Alas, the "oxymoron" stereotype is alive and well. You can't be gay and still be a Christian. You can't be a Christian and still be gay. It's a classic statement of either/or.
Just one problem: A growing number of people profess to be both. Consider the 1,300 people -- most of them living in the landscape of LGBTQIA -- who packed the GCN conference last week. Consider that last year's conference drew 700.
We've seen the weakness of either/or thinking exposed before. Women can't be effective clergy, until they were. You must read the Bible literally to be a Christian, except that many non-literalist Christians (actually, many humans) live the virtues that the Jesus of the gospels cites as evidence of faith.
Now we are starting other debates along either/or lines. You can't be transgender and still be a Christian. Up next, perhaps: You can't be polyamorous and still be a Christian. And we go through the same logic with new words.
In these circumstances, either/or isn't cutting it. We need a different way to think.
A few conversations at the GCN conference brought to mind some of these "different ways," and they're worth sharing here:
Start not with external rules, but with inner wisdom. A few years ago, I suggested that people of faith stop arguing about the external forms of love and instead uphold the habits of the heart beneath them. Similarly, one conversation at GCN reminded me to start with our inner selves -- where Christians believe the Spirit of God dwells -- rather than a set of external dos and don'ts that may, or may not, apply directly to our lives.
Do the dos and don'ts still have value? Absolutely. We can use these external guides as channel markers for charting our course through life; otherwise we risk living entirely in our own heads, mishearing the Spirit, and losing our way. The trouble begins when we turn these guides into rigid boundaries by which we determine who's in and who's out.
Listen to the grass roots for new things. At least for the past six decades, some world-changing ideas have started (or accelerated) on the road to public awareness with a small group of voices sharing their stories. Through this, upholders of the status quo learned not only that gay and lesbian people had a different and authentic narrative to share, but that they were also, well, people. The same is now happening with people who are transgender.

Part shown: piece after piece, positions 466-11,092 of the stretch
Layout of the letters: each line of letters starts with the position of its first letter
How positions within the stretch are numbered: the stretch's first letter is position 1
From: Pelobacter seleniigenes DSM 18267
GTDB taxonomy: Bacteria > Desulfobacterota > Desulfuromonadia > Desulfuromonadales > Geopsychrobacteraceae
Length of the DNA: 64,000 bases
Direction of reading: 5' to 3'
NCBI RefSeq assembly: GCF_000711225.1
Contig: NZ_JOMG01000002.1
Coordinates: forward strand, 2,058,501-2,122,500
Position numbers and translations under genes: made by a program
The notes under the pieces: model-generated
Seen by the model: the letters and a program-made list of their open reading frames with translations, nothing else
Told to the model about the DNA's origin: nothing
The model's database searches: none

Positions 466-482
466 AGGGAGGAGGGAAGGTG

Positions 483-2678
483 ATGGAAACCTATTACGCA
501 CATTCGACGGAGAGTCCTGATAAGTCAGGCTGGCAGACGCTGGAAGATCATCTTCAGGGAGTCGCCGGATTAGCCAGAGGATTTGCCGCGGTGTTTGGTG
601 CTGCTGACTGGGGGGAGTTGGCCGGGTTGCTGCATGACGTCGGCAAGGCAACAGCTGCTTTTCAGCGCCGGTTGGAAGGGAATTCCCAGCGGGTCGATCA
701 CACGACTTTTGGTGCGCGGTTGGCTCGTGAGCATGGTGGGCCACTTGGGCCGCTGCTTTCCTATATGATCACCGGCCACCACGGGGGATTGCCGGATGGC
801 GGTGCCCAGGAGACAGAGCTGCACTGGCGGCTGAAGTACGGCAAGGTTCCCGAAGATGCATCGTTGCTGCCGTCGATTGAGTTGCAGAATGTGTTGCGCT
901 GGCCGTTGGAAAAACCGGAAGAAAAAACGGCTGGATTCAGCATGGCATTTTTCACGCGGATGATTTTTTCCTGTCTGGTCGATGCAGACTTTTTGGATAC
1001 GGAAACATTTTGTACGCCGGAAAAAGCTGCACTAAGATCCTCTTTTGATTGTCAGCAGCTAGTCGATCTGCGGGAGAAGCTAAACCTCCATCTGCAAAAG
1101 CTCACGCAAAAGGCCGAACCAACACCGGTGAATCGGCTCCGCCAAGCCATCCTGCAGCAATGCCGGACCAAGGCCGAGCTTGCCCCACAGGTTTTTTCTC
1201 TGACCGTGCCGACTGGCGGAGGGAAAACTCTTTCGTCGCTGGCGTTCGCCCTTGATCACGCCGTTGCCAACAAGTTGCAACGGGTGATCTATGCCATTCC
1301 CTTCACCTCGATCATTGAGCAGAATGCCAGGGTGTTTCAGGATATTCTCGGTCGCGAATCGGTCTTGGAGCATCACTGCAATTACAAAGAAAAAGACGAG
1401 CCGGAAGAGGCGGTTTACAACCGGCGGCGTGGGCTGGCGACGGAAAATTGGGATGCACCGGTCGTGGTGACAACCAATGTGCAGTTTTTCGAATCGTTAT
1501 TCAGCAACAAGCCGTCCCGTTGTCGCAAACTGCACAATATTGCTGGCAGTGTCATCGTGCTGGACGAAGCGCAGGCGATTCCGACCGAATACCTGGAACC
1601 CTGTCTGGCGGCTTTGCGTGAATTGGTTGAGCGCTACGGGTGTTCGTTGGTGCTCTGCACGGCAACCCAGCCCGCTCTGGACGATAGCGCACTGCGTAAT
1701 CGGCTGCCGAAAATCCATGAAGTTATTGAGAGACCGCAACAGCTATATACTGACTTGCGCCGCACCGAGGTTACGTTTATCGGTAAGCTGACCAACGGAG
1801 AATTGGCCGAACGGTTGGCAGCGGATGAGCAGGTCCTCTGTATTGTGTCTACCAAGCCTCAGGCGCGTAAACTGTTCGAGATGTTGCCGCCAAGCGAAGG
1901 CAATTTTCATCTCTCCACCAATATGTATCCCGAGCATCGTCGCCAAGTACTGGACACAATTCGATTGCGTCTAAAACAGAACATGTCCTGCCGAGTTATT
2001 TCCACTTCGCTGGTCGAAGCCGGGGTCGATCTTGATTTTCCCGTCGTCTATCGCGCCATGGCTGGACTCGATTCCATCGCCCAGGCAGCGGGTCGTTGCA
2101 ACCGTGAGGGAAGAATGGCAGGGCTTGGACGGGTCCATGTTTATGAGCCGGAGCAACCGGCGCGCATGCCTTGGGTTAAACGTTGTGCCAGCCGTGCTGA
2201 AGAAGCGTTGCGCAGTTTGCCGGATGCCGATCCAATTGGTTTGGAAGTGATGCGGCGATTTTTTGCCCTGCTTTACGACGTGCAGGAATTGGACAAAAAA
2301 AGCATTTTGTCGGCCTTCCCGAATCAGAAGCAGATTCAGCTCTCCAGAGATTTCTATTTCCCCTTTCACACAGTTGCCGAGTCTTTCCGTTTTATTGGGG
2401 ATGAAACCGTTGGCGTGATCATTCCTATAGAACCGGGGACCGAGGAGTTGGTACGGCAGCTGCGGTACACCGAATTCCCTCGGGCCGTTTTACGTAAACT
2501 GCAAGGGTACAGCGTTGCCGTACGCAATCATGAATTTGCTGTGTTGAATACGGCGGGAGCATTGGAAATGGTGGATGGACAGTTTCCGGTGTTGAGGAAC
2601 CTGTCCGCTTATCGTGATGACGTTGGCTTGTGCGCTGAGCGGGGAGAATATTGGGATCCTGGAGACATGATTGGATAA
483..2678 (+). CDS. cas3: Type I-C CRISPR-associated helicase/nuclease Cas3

Hear these "new things" in a spirit of inquiry. Often, the first reaction to these stories is labeling as "abnormal" followed by rejection. What if, instead, our first instinct leaned toward inquiry? There's even a biblical precedent of sorts: "May we know what this new teaching is that you are presenting?" the Athenian philosophers said to St. Paul (Acts 17:19-20). "It sounds rather strange to us, so we would like to know what it means."
Give grace. Give lots of grace. The experience of LGBTQIA people is still new to many people who have never met someone who is gay, or lesbian or queer. And when we humans encounter new ideas, we tend to turn into klutzes. We ask clumsy questions, use the wrong words, and make rookie mistakes ad nauseam. But if pursued with good intent, the goal is noble indeed: To figure it out in order to engage with an open heart. If we can extend the unmerited favor of grace to people still figuring it out -- and we are all still figuring it out -- we can gain allies and turn hearts in a way that no amount of abstraction or condemnation possibly can.
These "different ways to think" carry a risk. They may lead us into places we are afraid to go. They may nudge us into loving more fully, more generously, more scandalously than we ever have, by bringing listening and attention and compassion and grace into a landscape of polarity and hostility. They may, in the long run, remove the either/ors from our thinking -- and, just maybe, tear those stereotypes down.